Monday 29 November 2010

Waterfurnace Renewable Energy Q3 Report Good and Bad

Back in September when I rated Waterfurnace (TSX: WFI) a Buy at the then price around $25.50 it looked as though the near future would see no growth due primarily to the poor state of the US housing market. The 3rd Quarter report came out November 10th and things look even a little worse than merely flat results as Earnings Per Share dropped a fair bit from the same quarter last year. Profitability has been squeezed by a shift from residential to the more active but lower margin commercial market and due to the rising cost of inputs like copper.

The somewhat good news is that WFI continues to take back market share lost in 2009 to its main competitor LSB Industries (NYSE: LXU), as evidenced by WFI's 15% rise in sales while those of LXU (in the Climate Control business) fell in its 3rd quarter report. The company management in its Q3 earnings webcast and in an email in response to my questions state that things like a 3% price increase and bulk buying will improve margins.

We investors (yes, I still own the shares I bought in September) need to be patient. Maybe I'm just one of those "refuse to sell a loser stock" that all those behavioural finance books make fun of, but I'm not selling. I still think the payoff is two years away. The key US housing market is still looking very weak in recent data. The post Q3 report drop in price to around $22 makes WFI an even more attractive Buy in my opinion though two professional analysts have dropped their recommendation to Hold according to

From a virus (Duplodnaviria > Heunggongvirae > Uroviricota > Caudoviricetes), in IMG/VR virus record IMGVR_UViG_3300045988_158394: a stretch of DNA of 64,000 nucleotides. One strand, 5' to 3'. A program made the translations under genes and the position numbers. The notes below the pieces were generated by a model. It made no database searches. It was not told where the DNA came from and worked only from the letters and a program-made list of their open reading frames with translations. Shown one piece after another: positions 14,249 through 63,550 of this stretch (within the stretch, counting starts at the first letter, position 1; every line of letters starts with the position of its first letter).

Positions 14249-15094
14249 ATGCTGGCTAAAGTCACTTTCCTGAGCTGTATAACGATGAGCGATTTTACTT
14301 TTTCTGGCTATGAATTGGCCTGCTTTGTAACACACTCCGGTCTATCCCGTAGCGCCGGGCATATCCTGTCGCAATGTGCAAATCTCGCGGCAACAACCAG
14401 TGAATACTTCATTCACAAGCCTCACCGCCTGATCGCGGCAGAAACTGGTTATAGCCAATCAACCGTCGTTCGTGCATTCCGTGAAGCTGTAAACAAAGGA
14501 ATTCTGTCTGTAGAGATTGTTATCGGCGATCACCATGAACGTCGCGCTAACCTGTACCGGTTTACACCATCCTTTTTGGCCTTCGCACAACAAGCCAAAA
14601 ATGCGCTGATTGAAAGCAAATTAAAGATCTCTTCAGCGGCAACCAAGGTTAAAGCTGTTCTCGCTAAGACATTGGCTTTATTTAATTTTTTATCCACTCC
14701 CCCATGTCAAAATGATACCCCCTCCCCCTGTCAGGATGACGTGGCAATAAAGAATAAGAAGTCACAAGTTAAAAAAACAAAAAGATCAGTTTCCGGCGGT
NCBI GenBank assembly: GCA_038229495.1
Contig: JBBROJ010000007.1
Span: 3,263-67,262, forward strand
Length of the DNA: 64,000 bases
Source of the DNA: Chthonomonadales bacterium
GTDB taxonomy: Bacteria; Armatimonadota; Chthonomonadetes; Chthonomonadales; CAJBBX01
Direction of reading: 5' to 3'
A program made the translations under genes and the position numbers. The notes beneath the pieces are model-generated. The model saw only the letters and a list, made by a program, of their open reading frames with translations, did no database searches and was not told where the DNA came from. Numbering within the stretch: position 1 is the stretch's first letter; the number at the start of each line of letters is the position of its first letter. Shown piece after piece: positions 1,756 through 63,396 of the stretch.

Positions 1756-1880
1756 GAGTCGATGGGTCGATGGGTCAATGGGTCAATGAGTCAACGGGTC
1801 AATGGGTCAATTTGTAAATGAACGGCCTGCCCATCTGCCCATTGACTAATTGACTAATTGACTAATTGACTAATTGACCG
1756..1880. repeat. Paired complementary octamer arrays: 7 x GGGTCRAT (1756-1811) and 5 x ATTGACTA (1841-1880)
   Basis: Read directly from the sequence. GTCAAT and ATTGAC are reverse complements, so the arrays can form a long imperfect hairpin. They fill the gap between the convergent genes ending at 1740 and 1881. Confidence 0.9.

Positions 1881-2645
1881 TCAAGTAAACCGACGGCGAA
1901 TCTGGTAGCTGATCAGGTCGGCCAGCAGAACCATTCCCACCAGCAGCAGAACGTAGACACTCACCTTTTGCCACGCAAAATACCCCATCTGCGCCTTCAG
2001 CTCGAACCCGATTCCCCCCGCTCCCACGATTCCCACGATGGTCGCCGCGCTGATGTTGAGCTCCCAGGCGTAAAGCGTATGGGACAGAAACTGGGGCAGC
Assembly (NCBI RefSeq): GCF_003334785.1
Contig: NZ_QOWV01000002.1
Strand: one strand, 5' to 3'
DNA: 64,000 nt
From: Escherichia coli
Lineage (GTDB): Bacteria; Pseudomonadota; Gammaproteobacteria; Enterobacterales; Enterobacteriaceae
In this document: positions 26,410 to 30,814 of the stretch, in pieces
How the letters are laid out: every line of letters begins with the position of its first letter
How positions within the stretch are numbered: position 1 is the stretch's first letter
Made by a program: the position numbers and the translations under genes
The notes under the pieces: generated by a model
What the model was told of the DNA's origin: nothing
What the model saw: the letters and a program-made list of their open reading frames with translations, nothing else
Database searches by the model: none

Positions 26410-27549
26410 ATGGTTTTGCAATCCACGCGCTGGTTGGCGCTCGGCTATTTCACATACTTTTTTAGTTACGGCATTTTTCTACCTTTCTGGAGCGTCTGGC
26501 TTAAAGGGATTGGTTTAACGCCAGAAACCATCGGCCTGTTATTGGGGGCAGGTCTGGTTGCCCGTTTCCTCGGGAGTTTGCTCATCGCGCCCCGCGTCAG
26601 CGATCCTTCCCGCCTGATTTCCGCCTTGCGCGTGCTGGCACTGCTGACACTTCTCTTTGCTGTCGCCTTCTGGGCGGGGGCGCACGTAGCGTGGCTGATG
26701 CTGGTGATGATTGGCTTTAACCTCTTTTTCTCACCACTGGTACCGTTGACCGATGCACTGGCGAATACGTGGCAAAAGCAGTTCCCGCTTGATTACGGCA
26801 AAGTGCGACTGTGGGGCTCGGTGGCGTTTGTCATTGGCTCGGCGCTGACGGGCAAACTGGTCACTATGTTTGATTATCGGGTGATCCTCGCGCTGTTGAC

The folks at Waterfurnace looked into why the US dollar version of the stock is not trading (and has not done so for a long while) on the TSX. This is their reply:
"WFI.U, WaterFurnace stock traded in U.S. dollars on the TSX, is still a valid symbol. When WaterFurnace set up WFI.U, there was expectation that there would be significant interest in trading in U.S. dollars. At first, the market maker made some attempt to get things going, but trading in U.S. dollars didn’t take off. The market maker has now posted its bid and ask orders so far apart that trading via WFI.U is not a feasible option. I think investors who want to trade in U.S. dollars simply use WFIFF.PK."
The Yahoo Finance chart for WFIFF.PK shows it is about as active in volume as it is in Canada.

Monday 22 November 2010

Holiday Financial Tip: Eat Turkey Dinner

No, I'm not kidding, this is completely serious. It works like this.

Self-control and the ability to resist impulsive choices are key to financial and investing success. Whether it involves saving instead of spending or reacting too fast to market moves, such qualities are associated with success or conversely, where they lack, with failure.

Here's how the traditional turkey dinner comes in: foods that enhance levels of a body chemical called serotonin, such as the combination of turkey, containing tryptophan, with the carbohydrates of mashed potatoes, improve self-control and reduce impulsive choice. These effects were apparently confirmed amongst post-Thanksgiving US holiday shoppers in a paper on SSRN We Are What We Consume: The Influence of Food Consumption on Impulsive Choice by Arul Mishra and Himanshu Mishra, which I found in a new book by Meir Statman called What Investors Really Want (a book I will be reviewing soon).

So as US readers get ready for Thanksgiving this Thursday and everyone for Christmas, just remember to say, "Another helping please, I'm in training!"

Friday 19 November 2010

Testing Purchasing Power Parity with Golf Equipment